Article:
Book Reviews
4:07 am
Sat October 26, 2013

Norman Mailer, Warts And All, In 'A Double Life'

Originally published on Sat October 26, 2013 8:59 pm

When Norman Mailer spoke, you paid attention. Whether he was standing on a stage and speaking for an hour — without notes — on writing, or art, or politics, or in a manic monologue around a dinner table, or in a chance encounter on the sidewalks of New York or in an airport, you listened. Especially if you grew up idolizing him, as many of us did.

Read more
All Tech Considered
4:04 am
Sat October 26, 2013

No Seat Belts Required: Drone Hobbyists Talk Safety

Christopher Vo pilots his aircraft as local drone enthusiasts gather for a Maryland fly-in at an airport in Laytonsville, Md.
Bill O'Leary The Washington Post/Getty Images

Originally published on Mon May 12, 2014 10:16 am

Last month, I got hit by a drone. No, it was not a giant surveillance robot, or a sinister armed device. It was a cute little quadcopter about the size of a coconut, operated by a professor who built it for fun.

Read more
Wait Wait...Don't Tell Me!
5:49 pm
Fri October 25, 2013

Not My Job: What Does John Lithgow Know About Flops?

Boneau Bryan-Brown AP

Actor John Lithgow has won awards for performances ranging from the goofy alien patriarch in 3rd Rock from the Sun to a demonic serial killer on Dexter to dramatic and musical roles on Broadway. (And if that weren't enough, he's written best-selling children's books, too.)

Read more
NPR Story
5:48 pm
Fri October 25, 2013

JPMorgan Chase Agrees To Pay $5.1 Billion To Feds

Originally published on Fri October 25, 2013 6:55 pm

JPMorgan Chase agreed pay $5.1 billion to settle litigation over mortgage assets sold during the housing bubble. The deal, announced late Friday afternoon, is to resolve claims the company misled Fannie Mae and Freddie Mac before the housing market crashed. It is part of a tentative $13 billion deal the company is trying to reach with federal and state agencies over its mortgage liabilities.

Shots - Health News
5:48 pm
Fri October 25, 2013

For Obamacare To Work, It's Not Just About The Numbers

Ashley Hentze (left) gets help signing up for the Affordable Care Act from a volunteer in Florida. The government says that 40 percent of the expected enrollees for 2014 must be young and healthy for health insurance premiums to remain affordable.
Chris O'Meara AP

Originally published on Mon October 28, 2013 2:38 pm

Relatively few people have enrolled in new health insurance plans since the Affordable Care Act exchanges launched this month. But some health care experts say it's early days yet — and that getting the right proportion of healthy, young new enrollees is just as important as how quickly people sign up.

The Congressional Budget Office projects that 7 million people will buy health insurance for 2014 through the new exchanges, integral to the implementation of the government's new health care law.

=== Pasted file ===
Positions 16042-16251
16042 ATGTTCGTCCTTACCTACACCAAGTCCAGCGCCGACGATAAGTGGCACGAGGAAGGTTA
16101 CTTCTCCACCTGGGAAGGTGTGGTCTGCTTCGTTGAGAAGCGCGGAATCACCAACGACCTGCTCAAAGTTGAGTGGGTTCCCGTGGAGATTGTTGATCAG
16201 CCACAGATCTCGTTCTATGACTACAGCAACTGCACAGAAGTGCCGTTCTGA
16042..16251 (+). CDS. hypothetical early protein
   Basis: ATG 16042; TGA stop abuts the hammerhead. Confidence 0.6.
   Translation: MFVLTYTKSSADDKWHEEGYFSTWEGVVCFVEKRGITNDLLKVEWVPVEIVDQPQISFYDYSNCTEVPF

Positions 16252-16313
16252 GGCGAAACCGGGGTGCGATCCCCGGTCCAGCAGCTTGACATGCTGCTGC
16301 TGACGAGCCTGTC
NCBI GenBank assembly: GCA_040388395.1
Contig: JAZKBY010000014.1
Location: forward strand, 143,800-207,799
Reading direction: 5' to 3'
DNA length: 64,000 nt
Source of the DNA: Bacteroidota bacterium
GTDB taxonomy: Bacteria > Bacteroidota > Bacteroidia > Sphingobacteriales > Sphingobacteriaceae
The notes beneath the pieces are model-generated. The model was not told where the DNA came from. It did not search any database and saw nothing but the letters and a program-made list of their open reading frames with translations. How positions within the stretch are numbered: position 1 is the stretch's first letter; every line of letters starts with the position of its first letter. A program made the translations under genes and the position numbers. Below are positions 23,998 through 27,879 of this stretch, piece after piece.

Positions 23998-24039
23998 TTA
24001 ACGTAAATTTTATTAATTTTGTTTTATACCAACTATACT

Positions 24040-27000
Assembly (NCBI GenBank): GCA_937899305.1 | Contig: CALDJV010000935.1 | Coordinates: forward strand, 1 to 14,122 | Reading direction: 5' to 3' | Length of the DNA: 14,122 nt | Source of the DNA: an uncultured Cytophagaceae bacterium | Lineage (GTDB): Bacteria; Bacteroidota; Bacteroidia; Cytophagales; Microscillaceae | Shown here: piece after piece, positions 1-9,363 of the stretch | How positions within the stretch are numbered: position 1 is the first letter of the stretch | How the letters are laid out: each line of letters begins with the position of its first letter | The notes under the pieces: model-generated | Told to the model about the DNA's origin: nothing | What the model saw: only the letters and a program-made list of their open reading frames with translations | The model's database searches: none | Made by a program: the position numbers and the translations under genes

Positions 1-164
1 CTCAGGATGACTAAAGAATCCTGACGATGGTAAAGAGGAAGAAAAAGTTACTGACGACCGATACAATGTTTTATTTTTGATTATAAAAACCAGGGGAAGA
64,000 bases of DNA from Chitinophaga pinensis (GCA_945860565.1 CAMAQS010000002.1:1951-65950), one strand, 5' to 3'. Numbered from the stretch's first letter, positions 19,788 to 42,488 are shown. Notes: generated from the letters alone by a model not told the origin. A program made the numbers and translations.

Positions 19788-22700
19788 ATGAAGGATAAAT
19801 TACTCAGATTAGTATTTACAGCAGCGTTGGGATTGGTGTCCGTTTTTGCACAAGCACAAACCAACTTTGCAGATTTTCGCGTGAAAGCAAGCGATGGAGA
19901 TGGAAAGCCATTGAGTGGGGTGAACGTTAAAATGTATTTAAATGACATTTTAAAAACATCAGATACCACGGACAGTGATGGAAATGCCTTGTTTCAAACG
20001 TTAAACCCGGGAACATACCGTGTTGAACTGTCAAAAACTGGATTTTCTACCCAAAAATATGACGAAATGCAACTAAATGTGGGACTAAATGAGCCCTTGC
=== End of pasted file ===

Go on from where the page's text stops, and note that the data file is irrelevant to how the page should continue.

Read more
All Tech Considered
5:03 pm
Fri October 25, 2013

A School's iPad Initiative Brings Optimism And Skepticism

Students at Coachella Valley Unified School District use iPads during a lesson. The district's superintendent is promoting the tablet initiative as a way to individualize learning.
Coachella Valley Unified School District

Originally published on Fri October 25, 2013 6:55 pm

A growing number of school districts across America are trying to weave tablet computers, like the iPad, into the classroom fabric, especially as a tool to help implement the new Common Core state standards for math and reading.

Read more
The Two-Way
5:01 pm
Fri October 25, 2013

JPMorgan Chase Settles With Housing Regulator For $5.1 Billion

JP Morgan Chase & Company headquarters in New York.
Emmanuel Dunand AFP/Getty Images

Originally published on Fri October 25, 2013 6:31 pm

JPMorgan Chase announced that it reached a $5.1 billion settlement with the Federal Housing Finance Agency, which is a conservator for the mortgage giants Freddie Mac and Fannie Mae.

The Wall Street Journal explains:

Read more
Recipes
4:53 pm
Fri October 25, 2013

Death Becomes Whimsical On Dia De Los Muertos

Melissa Block/NPR

Originally published on Fri October 25, 2013 6:55 pm

On the Mexican Dia de los Muertos holiday, the living remember the dead. Some believe they are communing with the deceased. While it may sound morbid, Pati Jinich, a Mexican-born blogger, food show personality and author of Pati's Mexican Table, says it's a joyous occasion.

"People get ready to welcome people — those who have deceased and that presumably have license to visit just once a year," Jinich told All Things Considered host Melissa Block.

Read more
The Two-Way
4:46 pm
Fri October 25, 2013

United Slapped With $1.1 Million Fine Over Tarmac Delays

A United Airlines Boeing 787 Dreamliner at O'Hare International Airport.
Scott Olson Getty Images

Originally published on Fri October 25, 2013 6:22 pm

The Department of Transportation has slapped United Airlines with a $1.1 million fine for lengthy tarmac delays at Chicago O'Hare International Airport in July of 2012.

In a press release, the DOT said the fine was the largest issued since it instituted a rule that penalizes U.S. carriers for holding a plane with passengers on a tarmac for more than three hours.

Read more
The Salt
4:40 pm
Fri October 25, 2013

Aging Well: Keeping Blood Sugar Low May Protect Memory

Eating right and exercise are key to controlling blood sugar. So maybe you should skip that doughnut.
Pink Sherbet Photography Flickr

Originally published on Fri October 25, 2013 5:12 pm

There's a growing body of evidence linking elevated blood sugar to memory problems.

For instance, earlier this year, a study published in the New England Journal of Medicine concluded that higher glucose may be a risk factor for dementia, even among people without type 2 diabetes.

So the question is, at what point does the risk of cognitive decline set in?

Read more

Pages